In re Marcus

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[Crim. No. 327. Fourth Appellate District. January 21, 1936.]

In the Matter of the Application of MICHAEL J. MARCUS for a Writ of Habeas Corpus.


Julian Thurston for Petitioner.

Thomas Whelan, District Attorney, and Harold P. Curtis, Deputy District Attorney, for Respondent.


Barnard, P. J.

The petitioner seeks his release from custody on a writ of habeas corpus. He was charged with the commission of three separate felonies and pleaded guilty to each charge. His application for probation was granted, the same to run concurrently on all three charges, and he was placed on probation for three years beginning August 16, 1935, with the condition that the first sixty days of that period be spent in the county jail of San Diego County. On September 27, 1935, a so-called modified order was entered by the court purporting to modify the original order granting probation by requiring him to spend one year in the county jail beginning on August 16, 1935, in lieu of the former term of sixty days. [11 Cal. App. 2d 360]

[1] The only point raised is that the modified order entered on September 27, 1935, was in excess of the court's jurisdiction and that the same is null and void because the court was without power to change the length of the jail term as fixed in the original order. It is, therefore, argued that since the petitioner has now been confined in jail for a time in excess of that named in the original order he has complied with the only condition which the court had the power to make in that connection and is entitled to a discharge.

The petitioner relies on the case of In re Hazlett, 137 Cal. App. 734 [31 PaCal.2d 448], as decisive of the question now before us and argues that the change here made must be regarded not as a modification of the original order granting probation, but as an attempt to add a new condition thereto, and that the same is void.

In the order involved in the case just referred to the court extended the period of probation and at the same time pronounced judgment and sentence, the sentence to run concurrently with the period of probation. The order also had the effect of adding another term in jail as a new condition after a condition of the same kind and character imposed in the original order had been fully complied with. It was there held that while the court had the power to extend the term of probation it could not impose another term in jail as a new condition after the original condition of that nature had been fully complied with. Nothing further was there decided and we think this case may not be taken as holding that a condition in an order granting probation, requiring a portion of the time to be spent in jail, may not be modified by extending the period to be thus served when such change is made before the original condition has been fully complied with.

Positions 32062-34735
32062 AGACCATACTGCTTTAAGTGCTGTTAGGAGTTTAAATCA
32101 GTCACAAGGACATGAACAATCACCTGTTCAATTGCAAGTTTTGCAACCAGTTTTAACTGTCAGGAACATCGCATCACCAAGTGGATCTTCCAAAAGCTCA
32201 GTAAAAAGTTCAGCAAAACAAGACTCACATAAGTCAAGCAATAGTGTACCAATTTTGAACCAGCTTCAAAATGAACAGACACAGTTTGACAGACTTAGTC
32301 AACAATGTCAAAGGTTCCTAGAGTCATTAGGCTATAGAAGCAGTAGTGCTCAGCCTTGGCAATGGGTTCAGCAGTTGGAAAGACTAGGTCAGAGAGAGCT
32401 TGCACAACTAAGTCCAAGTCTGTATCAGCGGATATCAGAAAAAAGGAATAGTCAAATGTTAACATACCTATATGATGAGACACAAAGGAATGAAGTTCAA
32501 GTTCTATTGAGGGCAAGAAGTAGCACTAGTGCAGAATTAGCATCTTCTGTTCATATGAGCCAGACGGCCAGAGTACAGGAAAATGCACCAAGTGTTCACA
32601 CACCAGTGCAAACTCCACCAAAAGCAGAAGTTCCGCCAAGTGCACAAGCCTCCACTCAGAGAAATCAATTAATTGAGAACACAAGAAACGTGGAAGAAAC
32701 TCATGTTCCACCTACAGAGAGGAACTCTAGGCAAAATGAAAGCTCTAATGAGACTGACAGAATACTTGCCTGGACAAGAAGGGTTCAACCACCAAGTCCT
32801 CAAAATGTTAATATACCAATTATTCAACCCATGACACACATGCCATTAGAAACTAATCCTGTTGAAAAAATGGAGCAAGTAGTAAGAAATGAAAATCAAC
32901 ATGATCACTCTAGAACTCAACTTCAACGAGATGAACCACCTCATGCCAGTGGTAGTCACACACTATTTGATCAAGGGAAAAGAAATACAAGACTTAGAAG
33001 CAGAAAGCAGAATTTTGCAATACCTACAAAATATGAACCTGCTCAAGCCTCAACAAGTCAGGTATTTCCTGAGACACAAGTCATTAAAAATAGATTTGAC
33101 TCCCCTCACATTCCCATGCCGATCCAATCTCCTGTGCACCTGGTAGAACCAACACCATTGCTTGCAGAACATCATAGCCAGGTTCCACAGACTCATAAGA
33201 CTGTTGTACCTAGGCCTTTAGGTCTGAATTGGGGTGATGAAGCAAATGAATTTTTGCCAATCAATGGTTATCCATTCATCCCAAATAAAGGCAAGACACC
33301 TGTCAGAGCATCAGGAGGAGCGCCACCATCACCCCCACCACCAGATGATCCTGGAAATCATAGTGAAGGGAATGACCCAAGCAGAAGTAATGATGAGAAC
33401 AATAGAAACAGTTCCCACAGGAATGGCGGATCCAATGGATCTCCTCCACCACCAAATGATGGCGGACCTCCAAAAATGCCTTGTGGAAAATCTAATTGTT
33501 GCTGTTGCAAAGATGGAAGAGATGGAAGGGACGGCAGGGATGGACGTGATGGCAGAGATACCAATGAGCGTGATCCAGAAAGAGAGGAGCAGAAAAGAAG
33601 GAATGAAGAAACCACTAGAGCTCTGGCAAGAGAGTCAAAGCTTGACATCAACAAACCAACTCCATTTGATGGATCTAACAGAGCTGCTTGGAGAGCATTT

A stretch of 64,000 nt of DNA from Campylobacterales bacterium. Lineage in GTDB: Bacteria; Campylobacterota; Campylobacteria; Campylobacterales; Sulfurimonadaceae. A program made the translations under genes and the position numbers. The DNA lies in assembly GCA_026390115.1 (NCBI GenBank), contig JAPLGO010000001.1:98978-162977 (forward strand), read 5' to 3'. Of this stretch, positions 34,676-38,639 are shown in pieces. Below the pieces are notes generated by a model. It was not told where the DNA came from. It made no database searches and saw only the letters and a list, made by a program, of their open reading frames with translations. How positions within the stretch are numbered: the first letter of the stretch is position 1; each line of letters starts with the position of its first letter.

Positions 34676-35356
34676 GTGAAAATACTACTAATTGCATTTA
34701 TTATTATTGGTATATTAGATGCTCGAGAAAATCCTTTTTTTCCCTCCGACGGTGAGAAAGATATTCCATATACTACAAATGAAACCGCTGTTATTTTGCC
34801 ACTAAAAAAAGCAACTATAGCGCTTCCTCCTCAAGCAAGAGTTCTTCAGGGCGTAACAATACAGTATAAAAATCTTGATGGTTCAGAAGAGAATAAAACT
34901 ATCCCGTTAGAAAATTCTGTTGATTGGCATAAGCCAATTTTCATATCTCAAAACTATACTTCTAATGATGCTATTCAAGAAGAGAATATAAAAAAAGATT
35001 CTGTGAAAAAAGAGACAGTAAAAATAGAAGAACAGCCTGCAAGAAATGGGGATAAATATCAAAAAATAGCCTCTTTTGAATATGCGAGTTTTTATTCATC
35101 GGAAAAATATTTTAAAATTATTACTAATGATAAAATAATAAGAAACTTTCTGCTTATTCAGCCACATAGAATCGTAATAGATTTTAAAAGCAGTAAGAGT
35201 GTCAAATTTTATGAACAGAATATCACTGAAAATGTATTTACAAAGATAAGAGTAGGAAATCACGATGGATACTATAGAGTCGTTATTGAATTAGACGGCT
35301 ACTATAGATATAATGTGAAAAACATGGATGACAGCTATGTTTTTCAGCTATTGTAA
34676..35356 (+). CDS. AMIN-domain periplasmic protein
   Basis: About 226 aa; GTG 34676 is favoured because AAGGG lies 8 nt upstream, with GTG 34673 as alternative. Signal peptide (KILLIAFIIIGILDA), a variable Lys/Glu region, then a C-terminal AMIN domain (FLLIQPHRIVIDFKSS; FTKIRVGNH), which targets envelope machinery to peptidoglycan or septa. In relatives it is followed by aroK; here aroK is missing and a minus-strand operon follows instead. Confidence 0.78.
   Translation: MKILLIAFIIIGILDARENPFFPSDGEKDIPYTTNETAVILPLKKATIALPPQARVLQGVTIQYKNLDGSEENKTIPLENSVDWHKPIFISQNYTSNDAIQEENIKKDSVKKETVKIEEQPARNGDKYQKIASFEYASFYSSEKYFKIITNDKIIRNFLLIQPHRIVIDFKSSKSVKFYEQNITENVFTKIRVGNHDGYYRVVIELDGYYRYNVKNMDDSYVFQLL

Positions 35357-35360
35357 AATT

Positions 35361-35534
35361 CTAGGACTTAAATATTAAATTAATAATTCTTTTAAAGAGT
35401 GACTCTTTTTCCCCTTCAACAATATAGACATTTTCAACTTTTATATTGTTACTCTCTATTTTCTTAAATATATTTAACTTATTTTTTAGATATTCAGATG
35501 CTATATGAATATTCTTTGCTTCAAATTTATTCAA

Section 1203 of the Penal Code, upon which the power of the court in such a matter is based, includes the following: "The court shall have power at any time during the term of probation to revoke or modify its order of suspension of imposition or execution of sentence." In Ex parte Sizelove, 158 Cal. 493 [111 P. 527], it was held that the power to modify the order, thus conferred, includes the power to enlarge the probationary term at any time before that term has expired. The power to modify, given by the statute, applies generally to the order granting probation and is not limited to the term [11 Cal. App. 2d 361] of probation. If the order granting probation may be modified by enlarging the term at any time before the original term has expired, we see no reason why other conditions imposed may not be modified by enlarging the same if this is done before such conditions have been fully complied with. This was done in the case of In re Glick, 126 Cal. App. 649 [14 PaCal.2d 796], where a condition requiring an indefinite confinement in a sanitarium was so changed as to provide for a definite term in jail. In that case the court said: "The court had a right to amend or modify the terms of probation within limits, and the modification was within these terms." A similar course was approved in the case of People v. Roberts, 136 Cal. App. 709 [29 PaCal.2d 432], where an original condition requiring the defendant to remain in a certain home for a period of one year was, at the end of three months, modified by substituting a condition requiring confinement in the county jail for a period of one year.

We think the order here complained of was a modification of the original order and not the imposition of a new condition within the meaning of this statute as thus far interpreted in the decisions. The court has power to modify its order under proper circumstances and within reasonable limits, and nothing here appears to show that the change here made exceeded such limits or that it was not warranted by the circumstances. It follows that the court did not exceed its jurisdiction in modifying its order by enlarging this particular condition before that portion of the original order had been fully complied with.

The writ is discharged and the petitioner remanded.

Marks, J., and Jennings, J., concurred.

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